Ask the pilot

From shoulder-fired missiles to cargo bombs, passengers face a cavalcade of deadly possibilities. But at least the TSA is listening ... sort of.


Patrick Smith
September 29, 2006 3:30PM (UTC)

"Common sense." That was the term used by Transportation Security Administration director Edmund "Kip" Hawley, in an overdue press conference on Monday. The big news: Airport carry-on restrictions would at last be eased.

Passengers are now permitted to carry small toiletry products beyond the security checkpoint, including hand lotion, deodorant and toothpaste. These items are limited to 3 ounces each and must be screened separately in a clear 1-quart zipper-top plastic bag. Bags are being provided. Additionally, passengers may once again bring beverages and other liquids aboard flights, provided those items are purchased in restaurants or shops beyond the security checkpoint.

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Never mind for a minute that many of the employees who work within an airport's secure zone, including those who clean and service your plane, are themselves fully exempt from screening -- something highlighted in this space many months ago. And never mind that the entire liquid bomb scare was, to a large degree, a trumped-up ruse -- something the mainstream media lacks the fortitude to tackle. Instead, let's give partial credit where it's due. "Common sense" is a subjective thing, and calling out TSA for every hypocritical and silly decision is to employ the same pointless micromanaging the agency itself is so fond of. A bureaucracy this dimwitted and lumbering needs to be treated exactly the way it treats us: like a child.

"We now know enough to say that a total ban is no longer needed from a security point of view," Hawley said at the press conference.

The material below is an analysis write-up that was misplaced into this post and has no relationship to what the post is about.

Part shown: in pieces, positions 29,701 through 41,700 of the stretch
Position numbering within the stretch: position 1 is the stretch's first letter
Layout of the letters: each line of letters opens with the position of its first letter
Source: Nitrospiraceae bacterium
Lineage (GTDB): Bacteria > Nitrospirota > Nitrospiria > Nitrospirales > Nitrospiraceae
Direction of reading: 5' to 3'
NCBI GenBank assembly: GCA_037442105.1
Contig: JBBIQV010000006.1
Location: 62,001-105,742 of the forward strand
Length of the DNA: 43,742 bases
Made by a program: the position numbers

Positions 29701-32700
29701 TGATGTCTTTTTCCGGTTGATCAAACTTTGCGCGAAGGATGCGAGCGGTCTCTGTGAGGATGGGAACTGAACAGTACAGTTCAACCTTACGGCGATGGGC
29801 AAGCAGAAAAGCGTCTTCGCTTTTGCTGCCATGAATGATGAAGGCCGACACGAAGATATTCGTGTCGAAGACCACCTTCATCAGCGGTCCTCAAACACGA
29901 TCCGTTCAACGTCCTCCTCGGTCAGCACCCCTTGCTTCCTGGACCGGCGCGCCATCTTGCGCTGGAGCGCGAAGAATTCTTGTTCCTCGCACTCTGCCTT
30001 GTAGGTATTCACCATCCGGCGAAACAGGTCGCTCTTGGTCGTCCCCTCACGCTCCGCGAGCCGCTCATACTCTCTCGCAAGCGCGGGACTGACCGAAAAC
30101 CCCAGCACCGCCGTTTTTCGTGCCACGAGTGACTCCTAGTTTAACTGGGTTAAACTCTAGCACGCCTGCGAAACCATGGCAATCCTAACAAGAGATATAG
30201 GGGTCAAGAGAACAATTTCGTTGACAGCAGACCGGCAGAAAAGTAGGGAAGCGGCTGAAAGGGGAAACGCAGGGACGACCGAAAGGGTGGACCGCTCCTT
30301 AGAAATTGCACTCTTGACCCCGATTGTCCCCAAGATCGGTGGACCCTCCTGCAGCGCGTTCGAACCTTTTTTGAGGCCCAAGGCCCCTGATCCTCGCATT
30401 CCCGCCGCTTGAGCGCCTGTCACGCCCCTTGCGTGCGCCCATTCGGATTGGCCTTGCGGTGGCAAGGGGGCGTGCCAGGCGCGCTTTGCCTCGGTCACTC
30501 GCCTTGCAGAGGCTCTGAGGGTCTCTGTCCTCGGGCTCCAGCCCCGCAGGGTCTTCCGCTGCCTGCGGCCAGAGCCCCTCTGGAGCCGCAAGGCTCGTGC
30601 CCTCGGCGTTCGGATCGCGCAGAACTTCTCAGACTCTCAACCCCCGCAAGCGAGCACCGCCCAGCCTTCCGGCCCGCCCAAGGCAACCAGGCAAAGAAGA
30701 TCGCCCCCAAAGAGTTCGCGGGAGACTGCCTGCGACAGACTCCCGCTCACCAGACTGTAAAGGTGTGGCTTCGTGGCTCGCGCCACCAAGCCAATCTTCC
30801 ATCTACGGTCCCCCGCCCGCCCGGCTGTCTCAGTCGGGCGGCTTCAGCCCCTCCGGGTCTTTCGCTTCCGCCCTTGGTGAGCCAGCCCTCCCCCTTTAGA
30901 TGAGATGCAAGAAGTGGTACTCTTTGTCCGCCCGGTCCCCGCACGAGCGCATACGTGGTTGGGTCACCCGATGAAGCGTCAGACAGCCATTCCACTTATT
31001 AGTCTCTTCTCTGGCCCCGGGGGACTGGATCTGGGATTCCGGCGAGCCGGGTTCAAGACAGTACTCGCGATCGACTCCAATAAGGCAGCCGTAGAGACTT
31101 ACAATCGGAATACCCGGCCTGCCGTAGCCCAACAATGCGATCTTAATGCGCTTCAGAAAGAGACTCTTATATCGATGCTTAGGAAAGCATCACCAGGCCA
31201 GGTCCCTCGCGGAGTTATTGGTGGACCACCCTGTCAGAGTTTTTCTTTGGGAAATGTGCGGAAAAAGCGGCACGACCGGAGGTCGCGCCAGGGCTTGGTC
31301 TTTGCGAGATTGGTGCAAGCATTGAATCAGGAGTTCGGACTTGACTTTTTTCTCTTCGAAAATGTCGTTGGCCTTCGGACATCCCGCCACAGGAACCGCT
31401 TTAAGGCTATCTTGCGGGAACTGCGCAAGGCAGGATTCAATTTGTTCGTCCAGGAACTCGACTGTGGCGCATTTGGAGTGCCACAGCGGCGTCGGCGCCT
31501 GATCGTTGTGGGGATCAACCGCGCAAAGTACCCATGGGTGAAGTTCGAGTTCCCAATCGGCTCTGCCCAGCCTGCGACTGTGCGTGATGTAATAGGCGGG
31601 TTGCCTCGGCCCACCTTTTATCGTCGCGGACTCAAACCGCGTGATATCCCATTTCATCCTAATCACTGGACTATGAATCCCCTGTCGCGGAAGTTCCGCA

Way to go, Kipper. Americans are proud of your progress. We're behind you all the way. And from TSA's perspective, this baby-steps approach allows it to save face. After all, security is politics, and think of how foolish the agency would look if it admitted the whole liquids and gels proscription was a bunch of ineffective hogwash from the beginning.

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In the meantime, others are finally piping up. After nearly two months, we're starting to hear grumblings of dissent from airlines and their workers. Most notable among the comments are those from the Air Line Pilots Association, the world's most prominent flight crew union, representing pilots at four of the top five carriers. Nobody would accuse pilots of being soft on security, and it's nice to hear ALPA (of which, in full disclosure, I'm a member) speaking forcibly and sensibly. "Today's TSA action once again underscores the agency's focus on searching for objects," said a statement from president Duane Woerth on the day the changes were announced. "We must move past this limited view of airline security and adapt new methods to keep the system secure. ALPA urges the TSA to do more to create a security screening system that effectively finds those travelers intent on doing harm, rather than the current system that seeks to remove objects that travelers frequently carry."

A bit clunky (usually he's better), but Woerth has it right. Remarks from other sources have been somewhat muted. Although at least three U.S. airlines have admitted that luggage policies were beginning to drive away customers, the president of the Air Transport Association, the industry's largest and most powerful trade group, offered this well-padded response to news of the security revisions: "It is clear that TSA has performed deliberate and careful risk analysis to identify which items passengers can safely bring on board. It will reduce passenger inconvenience."

The last part is a given. The first part raises some eyebrows. If it were true, then according to expert testimony on the realities of liquid explosives, the bans would never have been enacted in the first place.

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The new revisions are set to last indefinitely, though it's possible further relaxations will be put in place later. The separate bagging requirement, together with the need to remove laptops, shoes and heavy winter coats, is liable to have dire consequences for security-line waiting times come Thanksgiving and Christmas.

Until then, the changes are only somewhat good news for passengers, but excellent news for airport merchants, who can get back to the job of fleecing us with overpriced water and $4 bottles of juice. (Gratefully, air travel's signature take-along snack, the Chick-fil-A sandwich, was never subject to the TSA's wrath, and remains ever delectable, semi-noncombustible and meatlike.) The government has insisted that in-terminal vendors weren't suffering from the all-out liquids and gels ban. Allegedly, because passengers were setting out earlier than usual to the airport, they were spending more money on drinks, food and souvenirs once they got there. I'm not sure I believe that.